Board Of The University Of Michigan DISMISSED Mark Schlissel, President, After An Inquiry.

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An affair with a subordinate has been discovered. The board of regents cited his “inappropriate” tone and language as a reason for dismissal.

Following an anonymous claim that he was having an affair with a subordinate, the University of Michigan Board of Regents dismissed Dr. Mark Schlissel, the university’s president.

“As you are aware, an anonymous complaint was filed alleging a sexual relationship between you and a subordinate. According to an inquiry, your interactions with the employee were in disagreement with promoting the University of Michigan’s reputation and stature.”

“In your July 1, 2021 conversation with the subordinate, you utilized your University of Michigan email. In this correspondence, she claims her heart is aching, to which you reply that ‘mine too.’ You claim responsibility for it and say that you are also ‘in pain.’ ‘I still wish I were strong enough to

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On January 9, 2021, you responded to a message from the subordinate’s official University of Michigan e-mail address. The subordinate had written: “Oh yes!” In your response, you wrote: “It makes me happy when you say that.” You made a similar remark in an email dated April 25, 2020.

You can also ask another way: “Did you notice that I used the word ‘sexier’ to describe [name] on September 1, 2021?”

The documents “demonstrate that you were communicating with a subordinate through the University of Michigan email system in an impolite tone and language,” according to a letter sent to Schlissel. “They also reveal that you utilized official University of Michigan business as a pretext for maintaining and pursuing a personal connection with the subordinate.”

He was required to surrender all of his presidential assets and leave the presidential mansion within 30 days.

Around the same time, Schlissel announced that he would retire as president at the conclusion of his term in June 2023, a year earlier than previously planned. Schlissel’s announcement came little more than a year after faculty members narrowly voted no confidence in his leadership and amid recent conflicts between him and professors, as well as the university’s Board

The regents commented, “In the interest of total public disclosure, we have made available Dr. Schlissel’s numerous communications that demonstrate this unethical behavior as well as the letter we sent to Dr. Schlissel indicating our decision. All of this information is accessible via the university’s website.”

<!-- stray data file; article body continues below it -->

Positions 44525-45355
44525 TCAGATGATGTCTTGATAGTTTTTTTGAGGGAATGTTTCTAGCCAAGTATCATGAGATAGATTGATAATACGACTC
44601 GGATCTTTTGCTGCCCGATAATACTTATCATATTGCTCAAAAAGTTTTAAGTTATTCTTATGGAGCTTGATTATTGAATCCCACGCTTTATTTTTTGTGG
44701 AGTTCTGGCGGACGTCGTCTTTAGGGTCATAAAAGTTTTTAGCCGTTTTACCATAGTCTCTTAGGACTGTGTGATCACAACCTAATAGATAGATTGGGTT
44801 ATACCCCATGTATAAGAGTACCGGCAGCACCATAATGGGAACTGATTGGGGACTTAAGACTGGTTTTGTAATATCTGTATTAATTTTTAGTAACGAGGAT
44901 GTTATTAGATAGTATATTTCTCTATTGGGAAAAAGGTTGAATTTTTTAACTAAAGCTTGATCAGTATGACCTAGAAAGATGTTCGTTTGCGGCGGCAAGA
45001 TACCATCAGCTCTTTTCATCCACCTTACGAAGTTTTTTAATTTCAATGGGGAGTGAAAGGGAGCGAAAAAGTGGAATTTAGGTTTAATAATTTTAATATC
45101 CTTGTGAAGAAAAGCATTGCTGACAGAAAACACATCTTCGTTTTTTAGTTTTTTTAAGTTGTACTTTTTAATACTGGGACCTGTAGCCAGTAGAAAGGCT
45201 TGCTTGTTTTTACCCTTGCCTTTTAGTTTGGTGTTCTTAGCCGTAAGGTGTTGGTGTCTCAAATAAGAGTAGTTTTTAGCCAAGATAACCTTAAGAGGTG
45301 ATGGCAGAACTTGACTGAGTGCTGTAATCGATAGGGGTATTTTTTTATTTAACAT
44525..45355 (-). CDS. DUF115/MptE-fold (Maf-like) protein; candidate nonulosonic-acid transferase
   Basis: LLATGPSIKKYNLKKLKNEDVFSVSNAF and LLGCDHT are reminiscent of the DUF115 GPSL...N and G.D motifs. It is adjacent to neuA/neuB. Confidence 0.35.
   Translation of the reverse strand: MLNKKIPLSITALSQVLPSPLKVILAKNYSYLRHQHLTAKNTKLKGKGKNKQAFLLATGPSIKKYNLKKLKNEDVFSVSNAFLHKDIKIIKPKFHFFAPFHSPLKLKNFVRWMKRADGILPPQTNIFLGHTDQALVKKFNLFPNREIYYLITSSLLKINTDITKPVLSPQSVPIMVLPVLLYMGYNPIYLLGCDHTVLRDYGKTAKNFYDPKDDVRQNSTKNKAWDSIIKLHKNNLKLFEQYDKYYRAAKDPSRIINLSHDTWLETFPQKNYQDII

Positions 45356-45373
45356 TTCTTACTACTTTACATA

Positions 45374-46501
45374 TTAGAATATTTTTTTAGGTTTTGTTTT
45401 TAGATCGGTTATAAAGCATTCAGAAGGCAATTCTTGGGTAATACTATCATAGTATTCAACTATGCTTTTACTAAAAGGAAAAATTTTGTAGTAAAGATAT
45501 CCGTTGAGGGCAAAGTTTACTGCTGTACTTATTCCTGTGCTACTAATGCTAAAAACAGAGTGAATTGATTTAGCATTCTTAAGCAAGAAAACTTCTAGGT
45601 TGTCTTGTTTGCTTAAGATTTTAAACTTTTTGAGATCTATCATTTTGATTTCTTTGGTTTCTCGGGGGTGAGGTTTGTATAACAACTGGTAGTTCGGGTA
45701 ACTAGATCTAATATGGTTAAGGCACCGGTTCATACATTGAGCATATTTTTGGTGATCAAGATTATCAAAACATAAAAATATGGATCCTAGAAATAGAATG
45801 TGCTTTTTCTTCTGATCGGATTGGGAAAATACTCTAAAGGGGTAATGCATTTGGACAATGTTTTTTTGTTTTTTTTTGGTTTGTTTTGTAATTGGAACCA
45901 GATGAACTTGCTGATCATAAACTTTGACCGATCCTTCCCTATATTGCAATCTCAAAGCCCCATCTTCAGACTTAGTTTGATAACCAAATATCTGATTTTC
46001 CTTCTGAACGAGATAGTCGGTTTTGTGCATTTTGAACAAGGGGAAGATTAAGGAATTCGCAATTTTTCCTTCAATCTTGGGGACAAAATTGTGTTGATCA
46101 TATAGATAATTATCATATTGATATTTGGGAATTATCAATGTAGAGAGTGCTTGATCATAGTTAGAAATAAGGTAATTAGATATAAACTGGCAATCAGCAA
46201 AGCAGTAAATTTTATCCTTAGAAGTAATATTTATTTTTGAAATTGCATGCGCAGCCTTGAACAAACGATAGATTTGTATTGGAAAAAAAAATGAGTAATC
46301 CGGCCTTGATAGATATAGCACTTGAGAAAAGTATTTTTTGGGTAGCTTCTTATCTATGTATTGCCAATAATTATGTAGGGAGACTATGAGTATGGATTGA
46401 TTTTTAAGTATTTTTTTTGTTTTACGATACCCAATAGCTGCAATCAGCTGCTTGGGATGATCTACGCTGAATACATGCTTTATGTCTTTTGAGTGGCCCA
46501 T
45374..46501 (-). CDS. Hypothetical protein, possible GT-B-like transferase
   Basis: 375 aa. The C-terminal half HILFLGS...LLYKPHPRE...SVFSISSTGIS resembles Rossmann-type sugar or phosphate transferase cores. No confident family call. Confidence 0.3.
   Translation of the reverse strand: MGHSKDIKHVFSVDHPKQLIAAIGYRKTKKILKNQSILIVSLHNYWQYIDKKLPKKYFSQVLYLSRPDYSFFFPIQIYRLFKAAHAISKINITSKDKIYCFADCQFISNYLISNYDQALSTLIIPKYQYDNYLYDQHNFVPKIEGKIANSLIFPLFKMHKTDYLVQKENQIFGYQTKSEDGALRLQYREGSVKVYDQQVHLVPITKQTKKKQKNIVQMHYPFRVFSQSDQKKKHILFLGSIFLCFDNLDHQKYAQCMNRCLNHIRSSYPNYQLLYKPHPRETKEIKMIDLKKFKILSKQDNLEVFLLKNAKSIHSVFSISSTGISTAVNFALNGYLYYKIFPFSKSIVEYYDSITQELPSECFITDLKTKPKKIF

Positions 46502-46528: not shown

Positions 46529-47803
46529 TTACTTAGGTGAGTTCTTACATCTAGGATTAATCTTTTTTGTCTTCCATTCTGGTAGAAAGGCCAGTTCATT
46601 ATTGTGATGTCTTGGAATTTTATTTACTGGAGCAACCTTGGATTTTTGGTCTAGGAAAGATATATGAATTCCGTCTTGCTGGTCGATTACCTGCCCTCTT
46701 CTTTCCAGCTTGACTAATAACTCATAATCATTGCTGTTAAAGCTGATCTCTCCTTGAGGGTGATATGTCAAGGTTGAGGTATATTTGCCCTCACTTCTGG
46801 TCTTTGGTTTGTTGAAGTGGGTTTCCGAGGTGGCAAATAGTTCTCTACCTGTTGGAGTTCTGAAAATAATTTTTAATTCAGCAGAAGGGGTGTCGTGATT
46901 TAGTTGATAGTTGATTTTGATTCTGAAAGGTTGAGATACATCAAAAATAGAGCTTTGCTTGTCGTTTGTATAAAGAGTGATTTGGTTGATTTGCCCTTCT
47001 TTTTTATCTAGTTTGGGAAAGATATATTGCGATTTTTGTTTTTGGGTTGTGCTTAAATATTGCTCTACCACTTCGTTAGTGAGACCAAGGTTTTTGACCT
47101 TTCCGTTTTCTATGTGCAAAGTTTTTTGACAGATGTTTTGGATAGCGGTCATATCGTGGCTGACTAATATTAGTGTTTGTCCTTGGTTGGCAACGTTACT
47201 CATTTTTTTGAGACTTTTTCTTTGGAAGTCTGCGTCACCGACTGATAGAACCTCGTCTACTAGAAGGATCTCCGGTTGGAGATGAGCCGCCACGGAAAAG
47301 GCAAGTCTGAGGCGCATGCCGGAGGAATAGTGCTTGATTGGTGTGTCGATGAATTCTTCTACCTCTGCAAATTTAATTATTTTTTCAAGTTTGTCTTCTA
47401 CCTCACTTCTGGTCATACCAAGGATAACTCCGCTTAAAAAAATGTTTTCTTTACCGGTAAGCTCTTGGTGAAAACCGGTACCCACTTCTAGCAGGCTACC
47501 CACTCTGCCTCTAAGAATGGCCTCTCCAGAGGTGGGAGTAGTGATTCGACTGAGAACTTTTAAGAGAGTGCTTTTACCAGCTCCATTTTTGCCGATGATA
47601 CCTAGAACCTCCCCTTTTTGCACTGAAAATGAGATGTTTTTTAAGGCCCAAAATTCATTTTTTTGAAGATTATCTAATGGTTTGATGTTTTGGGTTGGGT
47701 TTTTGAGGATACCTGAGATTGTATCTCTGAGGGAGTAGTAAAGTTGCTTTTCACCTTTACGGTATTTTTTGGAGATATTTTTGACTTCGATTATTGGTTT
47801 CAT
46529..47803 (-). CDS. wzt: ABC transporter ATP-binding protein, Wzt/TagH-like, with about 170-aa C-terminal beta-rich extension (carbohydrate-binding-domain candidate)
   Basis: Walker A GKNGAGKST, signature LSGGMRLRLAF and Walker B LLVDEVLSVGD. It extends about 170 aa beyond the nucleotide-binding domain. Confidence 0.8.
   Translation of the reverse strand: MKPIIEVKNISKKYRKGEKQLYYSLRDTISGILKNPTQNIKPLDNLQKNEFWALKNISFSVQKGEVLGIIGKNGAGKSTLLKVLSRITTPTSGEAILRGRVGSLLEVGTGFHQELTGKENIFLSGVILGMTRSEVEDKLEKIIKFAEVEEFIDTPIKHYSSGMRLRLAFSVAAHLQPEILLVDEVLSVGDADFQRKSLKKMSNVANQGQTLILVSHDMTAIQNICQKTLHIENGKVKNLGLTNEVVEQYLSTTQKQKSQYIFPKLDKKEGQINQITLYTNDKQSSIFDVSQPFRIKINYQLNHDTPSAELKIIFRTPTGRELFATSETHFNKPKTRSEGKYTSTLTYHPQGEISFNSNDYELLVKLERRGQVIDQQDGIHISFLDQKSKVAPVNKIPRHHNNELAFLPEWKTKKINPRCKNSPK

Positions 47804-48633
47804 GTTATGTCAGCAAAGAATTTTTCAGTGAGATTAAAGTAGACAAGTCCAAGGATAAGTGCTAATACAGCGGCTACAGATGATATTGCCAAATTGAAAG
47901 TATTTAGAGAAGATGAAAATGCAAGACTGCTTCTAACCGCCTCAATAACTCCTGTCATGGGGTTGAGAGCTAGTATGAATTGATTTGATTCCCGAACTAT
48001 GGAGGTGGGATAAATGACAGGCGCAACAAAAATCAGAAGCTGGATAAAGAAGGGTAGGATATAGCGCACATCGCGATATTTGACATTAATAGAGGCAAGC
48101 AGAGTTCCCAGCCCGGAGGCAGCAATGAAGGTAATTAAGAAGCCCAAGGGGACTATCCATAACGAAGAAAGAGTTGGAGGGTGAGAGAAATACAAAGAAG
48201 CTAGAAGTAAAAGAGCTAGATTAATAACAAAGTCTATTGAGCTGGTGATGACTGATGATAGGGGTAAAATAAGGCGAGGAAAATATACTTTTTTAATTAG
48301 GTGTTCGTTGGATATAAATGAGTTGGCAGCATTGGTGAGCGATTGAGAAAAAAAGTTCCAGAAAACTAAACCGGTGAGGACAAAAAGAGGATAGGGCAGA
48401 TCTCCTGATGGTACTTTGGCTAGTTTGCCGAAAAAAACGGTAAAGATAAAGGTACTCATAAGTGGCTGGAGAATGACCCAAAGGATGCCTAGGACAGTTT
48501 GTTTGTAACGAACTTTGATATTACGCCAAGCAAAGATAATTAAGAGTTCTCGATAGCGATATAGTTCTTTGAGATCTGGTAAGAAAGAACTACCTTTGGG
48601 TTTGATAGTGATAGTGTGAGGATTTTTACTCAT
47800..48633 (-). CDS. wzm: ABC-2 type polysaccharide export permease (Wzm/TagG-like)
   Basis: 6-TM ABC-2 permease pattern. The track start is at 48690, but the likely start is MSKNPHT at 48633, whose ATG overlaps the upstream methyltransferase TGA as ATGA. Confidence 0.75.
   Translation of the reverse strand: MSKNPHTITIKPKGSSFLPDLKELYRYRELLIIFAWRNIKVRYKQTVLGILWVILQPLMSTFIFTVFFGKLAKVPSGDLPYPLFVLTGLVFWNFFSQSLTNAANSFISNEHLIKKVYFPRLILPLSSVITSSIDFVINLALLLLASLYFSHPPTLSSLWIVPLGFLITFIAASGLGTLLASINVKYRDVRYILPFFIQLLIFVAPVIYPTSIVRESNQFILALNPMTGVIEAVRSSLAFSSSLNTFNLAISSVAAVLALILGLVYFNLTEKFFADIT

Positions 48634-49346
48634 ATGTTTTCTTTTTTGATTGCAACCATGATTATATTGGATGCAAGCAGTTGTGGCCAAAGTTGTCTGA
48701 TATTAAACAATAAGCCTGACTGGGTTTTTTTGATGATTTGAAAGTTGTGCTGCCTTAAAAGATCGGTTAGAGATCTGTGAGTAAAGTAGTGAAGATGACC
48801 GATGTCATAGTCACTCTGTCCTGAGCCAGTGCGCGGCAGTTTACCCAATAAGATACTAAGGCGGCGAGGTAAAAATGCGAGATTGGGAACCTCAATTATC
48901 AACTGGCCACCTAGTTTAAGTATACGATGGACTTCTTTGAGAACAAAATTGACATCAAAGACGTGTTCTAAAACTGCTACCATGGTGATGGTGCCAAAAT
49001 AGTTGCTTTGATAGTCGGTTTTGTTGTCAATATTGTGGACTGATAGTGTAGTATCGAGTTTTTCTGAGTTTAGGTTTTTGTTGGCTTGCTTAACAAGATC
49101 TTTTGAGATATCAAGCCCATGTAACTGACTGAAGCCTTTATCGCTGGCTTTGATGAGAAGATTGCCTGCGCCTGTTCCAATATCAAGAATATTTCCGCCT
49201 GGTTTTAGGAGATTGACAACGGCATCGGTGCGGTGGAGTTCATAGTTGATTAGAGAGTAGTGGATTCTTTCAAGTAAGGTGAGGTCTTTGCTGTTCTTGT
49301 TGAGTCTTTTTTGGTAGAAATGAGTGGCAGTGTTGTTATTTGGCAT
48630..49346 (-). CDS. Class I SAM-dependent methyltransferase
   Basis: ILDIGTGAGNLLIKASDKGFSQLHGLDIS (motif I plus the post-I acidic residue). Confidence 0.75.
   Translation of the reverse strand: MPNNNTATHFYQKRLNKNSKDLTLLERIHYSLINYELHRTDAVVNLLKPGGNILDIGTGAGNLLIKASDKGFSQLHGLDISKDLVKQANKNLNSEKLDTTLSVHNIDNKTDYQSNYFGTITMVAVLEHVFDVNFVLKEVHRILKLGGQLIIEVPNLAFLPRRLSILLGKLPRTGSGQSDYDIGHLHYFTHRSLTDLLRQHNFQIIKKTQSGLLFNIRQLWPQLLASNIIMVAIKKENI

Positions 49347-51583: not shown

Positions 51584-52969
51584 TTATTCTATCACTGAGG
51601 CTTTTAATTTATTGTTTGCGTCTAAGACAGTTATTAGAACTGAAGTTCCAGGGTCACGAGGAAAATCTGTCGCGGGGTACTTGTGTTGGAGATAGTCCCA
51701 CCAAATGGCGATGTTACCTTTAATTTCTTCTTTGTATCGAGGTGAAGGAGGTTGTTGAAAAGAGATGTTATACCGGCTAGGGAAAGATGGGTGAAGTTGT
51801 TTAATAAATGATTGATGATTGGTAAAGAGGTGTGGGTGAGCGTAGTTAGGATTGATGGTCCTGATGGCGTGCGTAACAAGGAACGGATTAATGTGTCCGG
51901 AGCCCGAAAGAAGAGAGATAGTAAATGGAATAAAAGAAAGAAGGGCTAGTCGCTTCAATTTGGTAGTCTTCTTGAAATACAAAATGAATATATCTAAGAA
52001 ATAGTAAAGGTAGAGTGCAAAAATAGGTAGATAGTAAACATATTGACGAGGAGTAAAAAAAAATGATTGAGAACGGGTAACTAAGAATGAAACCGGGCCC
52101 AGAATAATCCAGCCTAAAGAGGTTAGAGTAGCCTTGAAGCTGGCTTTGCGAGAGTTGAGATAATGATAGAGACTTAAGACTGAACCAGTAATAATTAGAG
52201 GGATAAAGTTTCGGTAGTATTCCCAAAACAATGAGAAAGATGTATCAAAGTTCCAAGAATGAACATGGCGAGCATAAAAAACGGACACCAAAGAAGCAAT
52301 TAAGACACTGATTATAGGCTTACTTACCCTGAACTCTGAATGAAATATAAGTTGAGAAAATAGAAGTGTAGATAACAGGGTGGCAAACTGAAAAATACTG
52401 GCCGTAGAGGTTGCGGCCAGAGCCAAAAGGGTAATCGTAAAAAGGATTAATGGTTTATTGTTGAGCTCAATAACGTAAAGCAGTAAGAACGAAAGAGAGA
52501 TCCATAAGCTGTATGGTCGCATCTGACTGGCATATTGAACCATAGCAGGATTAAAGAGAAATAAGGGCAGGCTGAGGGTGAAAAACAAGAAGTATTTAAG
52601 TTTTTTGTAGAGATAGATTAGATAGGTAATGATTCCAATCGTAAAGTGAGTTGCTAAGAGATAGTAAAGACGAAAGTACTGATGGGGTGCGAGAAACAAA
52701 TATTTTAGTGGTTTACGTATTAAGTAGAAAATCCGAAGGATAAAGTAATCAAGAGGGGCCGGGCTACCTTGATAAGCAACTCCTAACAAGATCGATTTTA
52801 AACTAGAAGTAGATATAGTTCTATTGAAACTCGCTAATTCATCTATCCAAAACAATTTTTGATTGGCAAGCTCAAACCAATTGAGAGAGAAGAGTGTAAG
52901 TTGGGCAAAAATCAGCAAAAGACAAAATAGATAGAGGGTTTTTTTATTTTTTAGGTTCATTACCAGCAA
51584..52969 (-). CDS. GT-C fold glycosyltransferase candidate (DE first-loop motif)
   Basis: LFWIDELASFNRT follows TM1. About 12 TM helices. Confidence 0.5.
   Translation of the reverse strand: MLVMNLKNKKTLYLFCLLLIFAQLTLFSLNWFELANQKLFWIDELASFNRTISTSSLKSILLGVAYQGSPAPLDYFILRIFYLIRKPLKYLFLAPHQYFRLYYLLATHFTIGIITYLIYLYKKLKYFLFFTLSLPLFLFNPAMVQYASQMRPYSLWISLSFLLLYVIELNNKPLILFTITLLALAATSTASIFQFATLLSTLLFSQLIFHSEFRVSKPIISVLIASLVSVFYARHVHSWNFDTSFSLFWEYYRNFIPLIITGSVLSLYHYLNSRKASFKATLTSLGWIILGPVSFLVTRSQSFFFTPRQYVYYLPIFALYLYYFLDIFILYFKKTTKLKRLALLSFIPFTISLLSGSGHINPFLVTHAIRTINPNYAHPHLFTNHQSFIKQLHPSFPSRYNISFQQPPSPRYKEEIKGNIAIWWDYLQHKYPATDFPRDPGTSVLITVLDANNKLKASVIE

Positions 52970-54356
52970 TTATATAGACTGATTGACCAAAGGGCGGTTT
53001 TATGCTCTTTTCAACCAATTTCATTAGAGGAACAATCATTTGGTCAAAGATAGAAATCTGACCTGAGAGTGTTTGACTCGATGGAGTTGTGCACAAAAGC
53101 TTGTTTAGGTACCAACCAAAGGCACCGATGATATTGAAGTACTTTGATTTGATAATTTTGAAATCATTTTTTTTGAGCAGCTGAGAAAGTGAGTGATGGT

A former president of Michigan, Susan D. Coleman, will take over as interim leader. She was previously the president of the Association of American Universities.

“While disappointed by the circumstances, I am honored to be asked to once again work for the University of Michigan,” Coleman said in a statement.

“I’m delighted to be returning to the University of Michigan in this important interim capacity,” says Mark Schlissel, who served as university president from 2014 until 2018. “Serving this great institution was the most gratifying experience of my professional life,” he adds. “I’m looking forward to it.

In November 2020, the university agreed to pay $9.25 million in damages to eight female students who had been harassed by Martin Philbert, a former provost, during his ten-year tenure.

In January 2020, the University of Michigan relieved Philbert of his position after an outside investigation found that he’d harassed women for two decades, beginning as an assistant professor.

While he was dean of the School of Public Health, prior to becoming provost, Philbert had sexual relationships with at least three staff members, utilizing university offices to do so and keeping explicit photographs on his university-owned devices, according to Michigan’s investigation.

According to the investigation, provost Philbert was having simultaneous sexual relationships with at least two university employees during his tenure as provost. According to the inquiry, some university officials were aware of Philbert’s conduct but did not investigate it formally.


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